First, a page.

A new study published in the January issue of the Journal of Nutrition and Behavior sheds some more bad news for foods consumed outside the home. The researchers from Drexel University reviewed more than 2,600 menu items from restaurant chains and reported that a typical adult meal (comprised of an entree, side dish, and one-half appetizer) contained nearly 1,500 calories. Add a drink and a half dessert, and the calorie content of this meal increased to 2,020 calories.
To put this in perspective, the average American adult should eat around 2,000 calories a day. According to the research, you can meet your daily allotment for calories in just one meal. Yikes! No surprise that we are in the midst of an obesity epidemic.
As a nutritionist tracking portion sizes, these numbers hardly surprise me. Restaurant portions are enormous, at least double what they were 50 years ago. Burgers, steaks, and pasta bowls have increased in size over the past 50 years. So have bagels, muffins and soft drinks.
While what you eat matters (choosing grilled instead of fried chicken, for example), how much you eat (how large your portion is), matters more than many of us realize.
Here are some simple portion swaps that can save you over 1,000 calories.
1. Order an appetizer portion of pasta instead of a main dish portion.
Many main dish pasta portions contain at least three cups which translates to an entire days worth of grains. Appetizer portions contain approximately 1.5 cups of pasta. Add some fresh tomato sauce and lots of veggies and your portion is far from skimpy. A typical appetizer portion is enough food for an entire meal. Switching from a main dish to an appetizer portion of pasta can save you at least 300 calories.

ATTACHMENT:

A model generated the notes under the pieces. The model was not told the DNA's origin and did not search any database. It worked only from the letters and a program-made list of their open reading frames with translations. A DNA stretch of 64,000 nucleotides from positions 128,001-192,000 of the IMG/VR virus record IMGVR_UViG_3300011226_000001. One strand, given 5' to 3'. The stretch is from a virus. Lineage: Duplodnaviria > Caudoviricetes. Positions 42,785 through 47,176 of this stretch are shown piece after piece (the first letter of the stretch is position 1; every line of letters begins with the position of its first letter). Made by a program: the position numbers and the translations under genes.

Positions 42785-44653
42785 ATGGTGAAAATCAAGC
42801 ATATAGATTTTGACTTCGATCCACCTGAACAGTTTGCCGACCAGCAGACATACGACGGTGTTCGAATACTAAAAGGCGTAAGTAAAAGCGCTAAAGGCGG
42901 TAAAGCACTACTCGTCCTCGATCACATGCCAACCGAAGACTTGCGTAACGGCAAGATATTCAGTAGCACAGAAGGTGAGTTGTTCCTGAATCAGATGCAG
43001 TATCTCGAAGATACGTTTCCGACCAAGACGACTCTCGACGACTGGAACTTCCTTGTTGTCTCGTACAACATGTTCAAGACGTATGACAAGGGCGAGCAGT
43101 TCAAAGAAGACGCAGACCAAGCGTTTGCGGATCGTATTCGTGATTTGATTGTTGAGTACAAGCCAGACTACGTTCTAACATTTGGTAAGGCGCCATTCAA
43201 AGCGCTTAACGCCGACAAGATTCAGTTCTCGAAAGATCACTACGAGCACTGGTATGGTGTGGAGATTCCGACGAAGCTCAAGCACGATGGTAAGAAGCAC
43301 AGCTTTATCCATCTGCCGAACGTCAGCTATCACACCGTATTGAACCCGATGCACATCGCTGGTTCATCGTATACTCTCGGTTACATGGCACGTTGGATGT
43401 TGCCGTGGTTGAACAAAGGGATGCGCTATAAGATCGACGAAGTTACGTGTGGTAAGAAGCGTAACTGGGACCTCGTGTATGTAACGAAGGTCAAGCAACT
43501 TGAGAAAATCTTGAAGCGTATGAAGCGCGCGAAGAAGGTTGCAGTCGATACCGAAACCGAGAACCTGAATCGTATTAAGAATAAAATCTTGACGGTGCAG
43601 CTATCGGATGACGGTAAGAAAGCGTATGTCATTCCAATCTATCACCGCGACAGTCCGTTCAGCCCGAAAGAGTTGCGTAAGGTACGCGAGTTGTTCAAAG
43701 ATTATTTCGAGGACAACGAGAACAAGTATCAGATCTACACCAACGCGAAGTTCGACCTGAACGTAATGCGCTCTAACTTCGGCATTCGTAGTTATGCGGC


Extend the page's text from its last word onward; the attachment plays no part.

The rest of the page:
2. Order salad dressing on the side.
So often, we think we are being virtuous by ordering a salad. After all, a salad contains no bread, and so many of us fear the starch these days. However, many appetizer salads in restaurants contain at least four tablespoons of salad dressing, far more than most of us need. If you order your dressing on the side, you can control how much you add. Most of us do not need more than one to two tablespoons of dressing (which translates into three to six teaspoons). Make this switch, and you can save at least 100 calories.
3. Order the small coffee drink. (Note: in some places a small is called "tall.")
In the U.S., we seem to want our food in larger portions. Hence, even the descriptor term 'small" is considered taboo and not used in many food establishments. For example, when you go to Starbucks and order a "small," you get a "Tall." We often forget that our coffee drink contain lots of calories, especially if it is in an oversize cup. Ordering the smallest size can save you lots of calories. For example, switching from a Starbucks Venti 20-oz coffee Frappuccino to a tall 12-oz size can save you around 170 calories.
4. Chose bran cereal instead of a bran muffin.
Muffins these days are oversized, often weighing in at seven ounces, and containing more than 500 calories. However, because it is just one item, and contains the healthy sounding term "bran" in its title, we often overlook its high calorie content. A simple swap such as switching to a cup of bran cereal and a cup of fat-free milk can save you around 300 calories.
5. Go single, instead of double or triple.
The fast-food industry is notorious for offering single, double, and triple hamburgers. For the good news, YOU get to choose. My suggestion: order the single instead of the double or triple size. For example, while Burger King's Triple Whopper which is 16 oz contains nearly 1200 calories, the company's Whopper sandwich which is 10 oz contains around 650 calories. Just making this swap can save you 510 calories. To save an additional 300 calories, switch to the Whopper Junior sandwich which weighs in at nearly 5 oz (and contains enough food for an adult) and hold the mayo.
As I previously wrote here, you can take action to rightsize your plate and save lots of calories by splitting a dinner entrée, wrapping up leftovers, and being mindful of how much food is on your plate.
I would love to hear any portion tricks and tips you may have.